Photo courtesy of the Defense Threat Reduction Agency's Chemical and Biological Technologies Department.
Photo courtesy of the Defense Threat Reduction Agency's Chemical and Biological Technologies Department.

ATAK in the Field: Forging a Tactical Edge

Through collaboration and innovation, the Defense Threat Reduction Agency has integrated its powerful, hazard-awareness-and-response tools into the Android Tactical Assault Kit (or the Android Team Awareness Kit, ATAK). ATAK is a digital application available to warfighters throughout the DoD. Built on the Android operating system, ATAK offers warfighters geospatial mapping for situational awareness during combat — on an end-user device such as a smartphone or a tablet. U.S. forces use ATAK to self-identify their locations, and their enemy’s location, to visually communicate their movements to friendly forces in the area. The software has successfully aided in search-and-rescue and natural disaster responses, such as coordinating the relief efforts following Hurricane Florence. Warfighters can now use ATAK to guide themselves to safety when confronted with a release of chemical and biological agents and radiological and nuclear threats (CBRN).

Warfighters rely on digital maps and other data to guide their mission. However, a mission requires additional data when warfighters are confronted with a release of CBRN. Warfighters need to know the weather conditions in real time (e.g., wind speed and direction, stability, precipitation) to understand the potential for agent dispersal and spread. They also need to know the type of agent released, monitor their personal vitals to assess their exposure to the agent, and find a route to safety. DTRA has digital tools to help warfighters defend against CBRN, but they were often housed as stand-alone applications and not embedded in platforms regularly employed by warfighters outside of the CBRN community.

ATAK can connect to sensors on many platforms (e.g., satellites, drones, smartwatches) and has many plugins that warfighters can download to customize their operating environment, depending on their role or mission. ATAK’s software architecture allows plug-ins to share information with other plug-ins or applications on the end-user’s device. With DTRA’s contribution, ATAK now includes these three CBRN plug-ins: 1) CBRN Effects, 2) CBRN, and 3) Filter Times.

The first plug-in, CBRN Effects, adds two capabilities to ATAK: real-time hazard prediction and vehicle navigation for CBRN events. The plug-in optimizes DTRA’s Hazard Prediction and Assessment Capability to run on an end-user device in disconnected (without an internet connection) environments. When the plug-in is connected to the internet, it incorporates DTRA’s Meteorological Data Server to provide warfighters with real-time weather — from domestic to global, depending on the mission — to characterize the dispersal and spread of chemical and biological warfare agents following a release. The CBRN Effects plug-in also makes use of an existing ATAK plug-in, the Vehicle Navigation System (VNS). With VNS, the CBRN Effects plug-in offers warfighters a complex routing tool that accounts for contamination and exposure, in addition to travel time, and advises the warfighter on the optimal paths to take for safety.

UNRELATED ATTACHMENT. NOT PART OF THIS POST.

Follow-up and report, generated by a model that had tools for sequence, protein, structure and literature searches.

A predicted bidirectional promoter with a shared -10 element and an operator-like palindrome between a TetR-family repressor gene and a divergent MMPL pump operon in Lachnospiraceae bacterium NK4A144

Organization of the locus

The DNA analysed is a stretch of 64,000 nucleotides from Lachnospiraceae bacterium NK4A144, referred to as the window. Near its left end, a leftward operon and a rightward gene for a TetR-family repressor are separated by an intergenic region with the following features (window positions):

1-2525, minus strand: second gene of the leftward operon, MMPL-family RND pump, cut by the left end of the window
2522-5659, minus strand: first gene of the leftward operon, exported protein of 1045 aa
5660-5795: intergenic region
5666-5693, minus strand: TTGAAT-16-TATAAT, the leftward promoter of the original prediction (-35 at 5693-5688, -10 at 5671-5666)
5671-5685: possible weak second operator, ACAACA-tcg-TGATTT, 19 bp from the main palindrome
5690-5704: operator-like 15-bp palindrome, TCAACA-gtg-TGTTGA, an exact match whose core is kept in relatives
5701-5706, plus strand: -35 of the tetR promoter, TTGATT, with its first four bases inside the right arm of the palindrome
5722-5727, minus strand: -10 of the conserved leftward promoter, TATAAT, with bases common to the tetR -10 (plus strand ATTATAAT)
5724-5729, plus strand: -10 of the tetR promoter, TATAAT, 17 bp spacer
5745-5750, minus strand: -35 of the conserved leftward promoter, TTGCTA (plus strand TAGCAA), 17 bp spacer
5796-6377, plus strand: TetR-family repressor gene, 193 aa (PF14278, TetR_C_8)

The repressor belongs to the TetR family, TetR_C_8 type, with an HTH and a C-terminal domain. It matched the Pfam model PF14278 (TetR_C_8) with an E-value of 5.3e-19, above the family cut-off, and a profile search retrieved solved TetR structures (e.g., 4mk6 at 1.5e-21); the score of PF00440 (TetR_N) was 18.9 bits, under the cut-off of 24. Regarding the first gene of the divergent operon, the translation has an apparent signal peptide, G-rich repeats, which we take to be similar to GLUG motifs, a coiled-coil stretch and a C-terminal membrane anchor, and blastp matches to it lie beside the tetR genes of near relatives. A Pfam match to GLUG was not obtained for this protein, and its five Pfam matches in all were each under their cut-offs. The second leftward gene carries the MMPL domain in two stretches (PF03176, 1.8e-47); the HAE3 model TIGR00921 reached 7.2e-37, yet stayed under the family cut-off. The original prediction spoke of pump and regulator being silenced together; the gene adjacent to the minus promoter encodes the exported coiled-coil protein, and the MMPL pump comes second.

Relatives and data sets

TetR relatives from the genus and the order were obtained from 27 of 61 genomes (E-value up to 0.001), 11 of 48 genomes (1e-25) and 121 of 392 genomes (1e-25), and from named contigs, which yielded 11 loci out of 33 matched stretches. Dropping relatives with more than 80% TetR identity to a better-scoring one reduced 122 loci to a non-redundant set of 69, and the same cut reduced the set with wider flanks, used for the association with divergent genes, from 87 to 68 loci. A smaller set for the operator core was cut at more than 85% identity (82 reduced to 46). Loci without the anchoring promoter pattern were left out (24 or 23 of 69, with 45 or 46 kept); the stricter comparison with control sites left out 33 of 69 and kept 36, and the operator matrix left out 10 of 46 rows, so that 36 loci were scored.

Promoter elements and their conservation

Photo courtesy of the Defense Threat Reduction Agency's Chemical and Biological Technologies Department.
Photo courtesy of the Defense Threat Reduction Agency’s Chemical and Biological Technologies Department.

To add the second plug-in, CBRN, DTRA collaborated with the U.S. Army Comba Capabilities Development Command Chemical Biological Center (CCDC CBC) to implement the U.S. Army’s Integrated Sensor Architecture (ISA) into ATAK. U.S. Army’s ISA is used across the DoD, so DTRA and CCDC CBC built upon ISA to include sensors to capture CBRN events. ISA seamlessly integrates different sensor technologies to give warfighters the data they seek. For example, ATAK provides a single interface for viewing and controlling different CBRN-sensing technologies, whether that is a wearable smartwatch that measures a warfighter’s vitals (e.g., heart rate) or a device mounted on a drone to detect chemical warfare agents.

The third plug-in, Filter Times, addresses what warfighters have long asked for: real-time guidance on how long they should wear masks and assume a mission-oriented protective posture after a CBRN release. ATAK offers this guidance through the Filter Times plug-in, which instructs the warfighter when to stay near the ground, when to seek immediate help, and when to avoid contamination.

Warfighters positively evaluated the Filter Times and other CBRN plug-ins at the 2019 Chemical and Biological Operational Analysis (CBOA) event, where warfighters evaluated several technology prototypes for their utility in chemical and biological defense. Warfighters reported that the CBRN capabilities in ATAK are useful and easy to use with minimal training.

Overall, the U.S. armed forces and their interagency and coalition partners value ATAK and the common operating picture it provides. DTRA continues to develop CBRN-specific plug-in capabilities to support warfighters on the battlefield.

Photo courtesy of the Defense Threat Reduction Agency's Chemical and Biological Technologies Department.
Photo courtesy of the Defense Threat Reduction Agency’s Chemical and Biological Technologies Department.

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